Introduction to electromagnetic waves Displacement current
Ampere – Maxwell law
Ampere’s circuital law
Displacement current
Electromagnetic waves Sources of electromagnetic waves
Nature of electromagnetic waves
Electromagnetic spectrum Radio Waves
Infrared waves
Visible rays
X rays
Gamma rays

Displacement current:

Maxwell found an inconsistency in the Ampere’s law and suggested the existence of an additional current, called displacement current, to remove this inconsistency. This displacement current is due to time-varying electric field and is given by

and acts as a source of magnetic field in exactly the same way as conduction current.
An ac voltage v = vm sinωt applied to a capacitor drives a current in the capacitor:
i = im sin (ωt + π/2)

it is called capacitive reactance. The average power supplied to a capacitor over one complete cycle is zero.
An accelerating charge produces electromagnetic waves. An electric charge oscillating harmonically with frequency , produces electromagnetic waves of the same frequency . An electric dipole is a basic source of electromagnetic waves.
Electric and magnetic fields oscillate sinusoidally in space and time in an electromagnetic wave. The oscillating electric and magnetic fields, E and B are perpendicular to each other, and to the direction of propagation of the electromagnetic wave. For a wave of frequency , wavelength λ, propagating along z-direction, we have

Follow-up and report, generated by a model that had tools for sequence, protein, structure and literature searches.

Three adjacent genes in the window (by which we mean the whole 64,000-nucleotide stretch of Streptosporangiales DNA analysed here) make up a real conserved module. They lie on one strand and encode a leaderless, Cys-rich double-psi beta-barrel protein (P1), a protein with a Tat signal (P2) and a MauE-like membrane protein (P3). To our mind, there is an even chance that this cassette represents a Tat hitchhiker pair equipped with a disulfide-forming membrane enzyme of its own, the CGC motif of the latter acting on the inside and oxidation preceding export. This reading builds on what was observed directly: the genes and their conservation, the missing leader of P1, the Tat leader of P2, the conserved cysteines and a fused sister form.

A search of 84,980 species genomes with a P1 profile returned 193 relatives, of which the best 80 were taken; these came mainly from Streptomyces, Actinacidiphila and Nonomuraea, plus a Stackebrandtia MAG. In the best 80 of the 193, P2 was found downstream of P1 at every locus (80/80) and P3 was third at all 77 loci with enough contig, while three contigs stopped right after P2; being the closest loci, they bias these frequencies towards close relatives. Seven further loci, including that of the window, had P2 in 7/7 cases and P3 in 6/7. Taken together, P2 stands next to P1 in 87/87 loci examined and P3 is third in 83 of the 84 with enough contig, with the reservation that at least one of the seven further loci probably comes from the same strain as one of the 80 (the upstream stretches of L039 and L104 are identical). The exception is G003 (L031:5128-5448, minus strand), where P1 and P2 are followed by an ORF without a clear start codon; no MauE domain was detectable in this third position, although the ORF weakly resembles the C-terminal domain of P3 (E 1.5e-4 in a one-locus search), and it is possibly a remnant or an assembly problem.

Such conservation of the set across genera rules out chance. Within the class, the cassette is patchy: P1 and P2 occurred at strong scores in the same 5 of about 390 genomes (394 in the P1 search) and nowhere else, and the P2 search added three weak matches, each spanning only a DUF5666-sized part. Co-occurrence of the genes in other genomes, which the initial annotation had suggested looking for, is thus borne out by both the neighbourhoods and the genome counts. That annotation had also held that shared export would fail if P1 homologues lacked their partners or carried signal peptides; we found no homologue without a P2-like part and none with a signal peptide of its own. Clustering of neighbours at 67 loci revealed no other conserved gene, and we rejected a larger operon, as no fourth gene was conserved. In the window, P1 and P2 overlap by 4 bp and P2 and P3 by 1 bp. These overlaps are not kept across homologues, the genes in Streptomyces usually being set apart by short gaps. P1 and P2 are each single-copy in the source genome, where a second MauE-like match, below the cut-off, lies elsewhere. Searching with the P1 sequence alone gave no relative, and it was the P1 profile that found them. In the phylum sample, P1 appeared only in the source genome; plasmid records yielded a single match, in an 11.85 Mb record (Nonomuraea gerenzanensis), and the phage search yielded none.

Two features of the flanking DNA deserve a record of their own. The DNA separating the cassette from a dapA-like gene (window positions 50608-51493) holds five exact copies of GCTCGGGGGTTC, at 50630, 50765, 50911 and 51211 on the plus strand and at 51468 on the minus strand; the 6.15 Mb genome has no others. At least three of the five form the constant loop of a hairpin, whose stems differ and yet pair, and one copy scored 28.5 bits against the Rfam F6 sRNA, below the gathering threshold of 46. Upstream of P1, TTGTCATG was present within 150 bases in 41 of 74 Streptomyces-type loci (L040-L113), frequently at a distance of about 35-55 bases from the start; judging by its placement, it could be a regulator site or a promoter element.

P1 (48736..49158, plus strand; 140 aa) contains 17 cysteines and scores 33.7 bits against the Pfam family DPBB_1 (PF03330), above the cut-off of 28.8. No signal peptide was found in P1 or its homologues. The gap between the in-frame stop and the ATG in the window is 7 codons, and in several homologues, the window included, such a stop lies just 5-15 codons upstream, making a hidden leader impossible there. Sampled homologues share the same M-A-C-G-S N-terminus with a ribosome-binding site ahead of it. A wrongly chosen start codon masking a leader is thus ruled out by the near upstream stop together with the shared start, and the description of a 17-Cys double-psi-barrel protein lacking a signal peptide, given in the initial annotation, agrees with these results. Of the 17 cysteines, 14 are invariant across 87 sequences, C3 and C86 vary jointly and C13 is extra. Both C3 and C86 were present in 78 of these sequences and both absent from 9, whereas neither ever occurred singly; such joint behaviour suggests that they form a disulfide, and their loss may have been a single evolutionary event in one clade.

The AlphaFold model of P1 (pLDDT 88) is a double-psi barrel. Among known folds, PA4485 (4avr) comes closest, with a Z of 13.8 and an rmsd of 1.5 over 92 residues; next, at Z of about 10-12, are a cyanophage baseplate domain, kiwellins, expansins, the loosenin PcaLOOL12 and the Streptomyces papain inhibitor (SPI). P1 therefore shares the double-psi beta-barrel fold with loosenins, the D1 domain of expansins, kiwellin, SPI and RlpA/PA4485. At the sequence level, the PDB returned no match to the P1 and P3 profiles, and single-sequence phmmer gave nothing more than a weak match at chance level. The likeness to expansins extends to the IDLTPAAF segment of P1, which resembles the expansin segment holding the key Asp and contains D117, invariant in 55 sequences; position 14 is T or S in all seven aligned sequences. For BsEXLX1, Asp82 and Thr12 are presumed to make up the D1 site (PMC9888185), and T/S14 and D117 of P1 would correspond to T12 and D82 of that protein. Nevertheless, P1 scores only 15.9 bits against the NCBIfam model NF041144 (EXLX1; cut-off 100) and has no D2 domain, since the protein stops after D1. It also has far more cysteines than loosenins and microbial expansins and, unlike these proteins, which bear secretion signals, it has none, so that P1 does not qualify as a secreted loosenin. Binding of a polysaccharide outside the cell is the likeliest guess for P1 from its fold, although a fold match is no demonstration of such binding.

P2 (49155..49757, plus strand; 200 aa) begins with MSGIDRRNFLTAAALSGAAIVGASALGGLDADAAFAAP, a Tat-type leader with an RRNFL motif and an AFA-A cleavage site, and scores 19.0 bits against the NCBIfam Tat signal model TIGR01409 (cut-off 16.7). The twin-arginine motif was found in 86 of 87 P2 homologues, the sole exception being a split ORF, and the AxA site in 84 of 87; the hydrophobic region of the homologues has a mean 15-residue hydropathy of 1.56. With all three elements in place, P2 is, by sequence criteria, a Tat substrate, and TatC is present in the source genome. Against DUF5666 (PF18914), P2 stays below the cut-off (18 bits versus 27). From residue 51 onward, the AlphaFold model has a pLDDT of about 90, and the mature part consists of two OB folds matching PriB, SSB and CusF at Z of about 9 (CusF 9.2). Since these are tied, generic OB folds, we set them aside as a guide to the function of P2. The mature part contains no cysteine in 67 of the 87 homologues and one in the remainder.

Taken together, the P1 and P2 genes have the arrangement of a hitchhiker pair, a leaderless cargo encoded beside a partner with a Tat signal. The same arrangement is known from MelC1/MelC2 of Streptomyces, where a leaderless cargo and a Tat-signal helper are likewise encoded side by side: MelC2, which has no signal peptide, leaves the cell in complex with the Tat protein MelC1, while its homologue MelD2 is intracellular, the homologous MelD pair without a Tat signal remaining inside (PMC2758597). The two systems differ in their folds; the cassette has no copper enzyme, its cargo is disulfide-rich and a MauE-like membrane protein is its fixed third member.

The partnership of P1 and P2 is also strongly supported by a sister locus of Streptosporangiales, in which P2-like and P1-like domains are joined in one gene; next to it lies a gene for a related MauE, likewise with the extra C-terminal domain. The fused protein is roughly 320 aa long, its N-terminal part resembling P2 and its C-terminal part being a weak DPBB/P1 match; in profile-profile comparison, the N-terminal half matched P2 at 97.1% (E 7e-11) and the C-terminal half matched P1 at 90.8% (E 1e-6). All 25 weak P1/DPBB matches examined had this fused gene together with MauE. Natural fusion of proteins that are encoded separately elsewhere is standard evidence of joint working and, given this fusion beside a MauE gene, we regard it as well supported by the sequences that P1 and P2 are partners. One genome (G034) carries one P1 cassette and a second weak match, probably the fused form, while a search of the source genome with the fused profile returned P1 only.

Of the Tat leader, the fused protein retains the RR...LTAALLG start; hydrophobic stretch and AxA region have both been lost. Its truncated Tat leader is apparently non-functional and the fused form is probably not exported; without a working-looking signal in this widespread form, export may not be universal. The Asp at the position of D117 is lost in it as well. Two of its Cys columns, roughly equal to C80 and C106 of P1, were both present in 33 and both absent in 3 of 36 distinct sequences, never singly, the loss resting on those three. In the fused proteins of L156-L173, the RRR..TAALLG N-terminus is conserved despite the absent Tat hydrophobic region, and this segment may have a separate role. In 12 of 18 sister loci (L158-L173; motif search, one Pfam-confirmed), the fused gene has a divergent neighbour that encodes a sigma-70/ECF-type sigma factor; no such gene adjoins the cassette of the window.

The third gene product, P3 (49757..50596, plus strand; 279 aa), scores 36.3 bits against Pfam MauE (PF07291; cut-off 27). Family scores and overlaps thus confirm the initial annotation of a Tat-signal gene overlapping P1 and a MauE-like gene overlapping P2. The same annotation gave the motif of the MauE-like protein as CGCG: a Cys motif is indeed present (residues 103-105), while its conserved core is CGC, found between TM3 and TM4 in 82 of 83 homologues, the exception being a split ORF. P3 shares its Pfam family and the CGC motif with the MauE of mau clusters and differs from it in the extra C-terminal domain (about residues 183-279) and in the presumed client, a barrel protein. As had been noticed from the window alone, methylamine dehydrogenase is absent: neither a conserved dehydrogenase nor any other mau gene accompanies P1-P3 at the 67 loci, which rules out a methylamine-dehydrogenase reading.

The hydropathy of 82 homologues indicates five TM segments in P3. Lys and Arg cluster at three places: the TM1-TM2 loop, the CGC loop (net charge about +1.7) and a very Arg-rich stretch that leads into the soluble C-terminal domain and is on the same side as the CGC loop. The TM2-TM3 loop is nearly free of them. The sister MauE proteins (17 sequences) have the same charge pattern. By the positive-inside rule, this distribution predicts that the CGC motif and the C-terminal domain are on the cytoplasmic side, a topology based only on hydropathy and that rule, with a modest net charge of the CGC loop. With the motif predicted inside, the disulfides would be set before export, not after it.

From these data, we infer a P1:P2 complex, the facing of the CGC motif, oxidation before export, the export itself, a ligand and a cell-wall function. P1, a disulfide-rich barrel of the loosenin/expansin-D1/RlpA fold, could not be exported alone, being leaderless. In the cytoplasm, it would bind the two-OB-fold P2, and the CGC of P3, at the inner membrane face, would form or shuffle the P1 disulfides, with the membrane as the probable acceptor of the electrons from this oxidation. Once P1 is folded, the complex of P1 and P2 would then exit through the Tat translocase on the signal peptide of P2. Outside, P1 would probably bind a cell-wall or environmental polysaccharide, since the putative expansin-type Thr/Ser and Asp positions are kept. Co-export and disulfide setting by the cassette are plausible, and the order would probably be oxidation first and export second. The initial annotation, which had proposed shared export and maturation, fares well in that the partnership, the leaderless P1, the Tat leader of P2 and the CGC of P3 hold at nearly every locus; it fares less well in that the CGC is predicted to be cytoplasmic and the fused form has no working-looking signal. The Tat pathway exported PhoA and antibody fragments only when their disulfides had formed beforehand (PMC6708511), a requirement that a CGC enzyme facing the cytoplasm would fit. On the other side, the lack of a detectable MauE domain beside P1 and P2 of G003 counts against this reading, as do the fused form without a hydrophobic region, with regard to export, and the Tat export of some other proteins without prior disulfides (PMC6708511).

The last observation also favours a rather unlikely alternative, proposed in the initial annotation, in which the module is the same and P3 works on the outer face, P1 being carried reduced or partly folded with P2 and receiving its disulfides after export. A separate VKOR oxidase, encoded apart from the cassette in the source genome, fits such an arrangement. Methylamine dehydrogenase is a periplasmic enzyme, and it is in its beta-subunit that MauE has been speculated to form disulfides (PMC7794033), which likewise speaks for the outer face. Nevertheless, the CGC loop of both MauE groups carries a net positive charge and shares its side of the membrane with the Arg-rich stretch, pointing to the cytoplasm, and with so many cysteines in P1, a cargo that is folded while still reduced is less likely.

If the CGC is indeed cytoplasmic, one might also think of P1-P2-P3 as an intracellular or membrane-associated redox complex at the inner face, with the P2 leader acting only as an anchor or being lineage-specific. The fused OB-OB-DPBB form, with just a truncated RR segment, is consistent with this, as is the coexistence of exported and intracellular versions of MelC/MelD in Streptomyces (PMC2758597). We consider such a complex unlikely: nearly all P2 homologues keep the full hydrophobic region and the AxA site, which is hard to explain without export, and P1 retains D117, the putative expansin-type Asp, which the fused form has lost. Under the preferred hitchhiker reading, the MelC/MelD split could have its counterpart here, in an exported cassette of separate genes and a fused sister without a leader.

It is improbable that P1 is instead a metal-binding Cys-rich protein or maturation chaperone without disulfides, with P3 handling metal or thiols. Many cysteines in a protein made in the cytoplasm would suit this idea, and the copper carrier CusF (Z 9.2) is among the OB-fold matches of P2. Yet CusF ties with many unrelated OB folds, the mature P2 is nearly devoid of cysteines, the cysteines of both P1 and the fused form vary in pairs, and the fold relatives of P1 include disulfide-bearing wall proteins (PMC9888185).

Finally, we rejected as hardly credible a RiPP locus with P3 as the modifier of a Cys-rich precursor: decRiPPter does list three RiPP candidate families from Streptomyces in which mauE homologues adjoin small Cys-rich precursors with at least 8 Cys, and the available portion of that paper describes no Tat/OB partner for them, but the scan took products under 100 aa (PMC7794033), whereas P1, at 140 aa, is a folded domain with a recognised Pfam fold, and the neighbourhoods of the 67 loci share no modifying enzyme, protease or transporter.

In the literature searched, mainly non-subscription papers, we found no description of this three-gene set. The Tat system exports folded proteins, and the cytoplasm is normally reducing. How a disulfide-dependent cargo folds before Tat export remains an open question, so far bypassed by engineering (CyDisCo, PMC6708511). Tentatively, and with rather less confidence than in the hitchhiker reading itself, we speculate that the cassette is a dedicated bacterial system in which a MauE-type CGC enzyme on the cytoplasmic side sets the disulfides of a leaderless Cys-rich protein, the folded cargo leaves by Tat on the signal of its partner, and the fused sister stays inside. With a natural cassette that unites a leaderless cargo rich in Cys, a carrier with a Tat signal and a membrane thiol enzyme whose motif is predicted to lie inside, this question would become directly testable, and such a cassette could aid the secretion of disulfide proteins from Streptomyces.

The speed c of electromagnetic wave in vacuum is related to μ0 and ε0 (the free space permeability and permittivity constants) as follows:

  • c = 1/√ (μ0ε0). The value of c equals the speed of light obtained from optical measurements.
  • Light is an electromagnetic wave; c is, therefore, also the speed of light.
  • Electromagnetic waves other than light also have the same velocity c in free space.
  • The speed of light, or of electromagnetic waves in a material medium is given by,
    v = 1/√(με)
where μ is the permeability of the medium and ε its permittivity.
The spectrum of electromagnetic waves stretches, in principle, over an infinite range of wavelengths. Different regions are known by different names; γ-rays, X-rays, ultraviolet rays, visible rays, infrared rays, microwaves and radio waves in order of increasing wavelength from 10–2 Å or 10–12 m to 106

  • They interact with matter via their electric and magnetic fields which set in oscillation charges present in all matter. The detailed interaction and so the mechanism of absorption, scattering, etc., depend on the wavelength of the electromagnetic wave, and the nature of the atoms and molecules in the medium.